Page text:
Tuesday, September 17, 2013

Medical Cadets

From: westpointcadet.webs.com

Rarely seen in images, medical cadets performed important services in the Union Army 's medical department.

More than 200 young men served the Union cause during the Civil War in a little-known organization, the U.S. Army Medical Cadet Corps. In addition to their helpful work as members of the corps, many veteran cadets continued to serve in the army's medical department. About 40 percent of them went on to become surgeons, assistant surgeons, or contact surgeons with the Federal forces. George H. Bosley was one such medical cadet.

The Medical Cadet Corps was formed by an act of Congress in August 1861. As many as 50 cadets at a time were authorized to serve a one-year term in the army as wound dressers and ambulance attendants under the supervision of medical officers. The rules stated that an applicant had to be between 18 and 22 years of age and must have studied medicine for two years and completed at least one course of lectures at a medical college. Applicants also were required to provide testimonials of their physical fitness and character. In April 1862 the corps was enlarged to 70 cadets.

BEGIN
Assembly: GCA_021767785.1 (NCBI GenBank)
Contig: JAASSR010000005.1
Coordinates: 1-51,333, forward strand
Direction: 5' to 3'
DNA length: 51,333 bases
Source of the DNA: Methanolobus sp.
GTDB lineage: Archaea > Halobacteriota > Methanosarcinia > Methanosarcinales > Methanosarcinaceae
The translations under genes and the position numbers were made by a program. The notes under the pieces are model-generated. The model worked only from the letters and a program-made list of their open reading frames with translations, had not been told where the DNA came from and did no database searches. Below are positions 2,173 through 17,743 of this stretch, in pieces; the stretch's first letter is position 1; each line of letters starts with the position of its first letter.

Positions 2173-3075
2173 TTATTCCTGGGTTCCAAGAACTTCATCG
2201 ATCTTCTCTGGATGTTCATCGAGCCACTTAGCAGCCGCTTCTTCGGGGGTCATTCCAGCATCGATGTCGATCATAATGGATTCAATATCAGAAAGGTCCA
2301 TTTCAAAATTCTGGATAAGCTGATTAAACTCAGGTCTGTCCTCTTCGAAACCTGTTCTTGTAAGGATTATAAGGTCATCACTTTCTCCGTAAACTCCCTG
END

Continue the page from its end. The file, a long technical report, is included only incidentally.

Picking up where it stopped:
The actual duties of medical cadets ranged far wider than regulations prescribed. Most cadets served in army general hospitals, where in addition to dressing wounds they assisted in operations and postmortem examinations, administered wards, and examined anatomical specimens. Officially a non-commissioned officer, a medical cadet was paid thirty dollars per month and covered for his quarters, fuel, and transportation. A daily ration was later added to his allowance. His uniform consisted of a junior officer's frockcoat with green shoulder straps adorned with a half-inch strip of gold lace, trousers with a narrow buff welt, a plain forage cap, and a non-commissioned officer's belt plate and sword.


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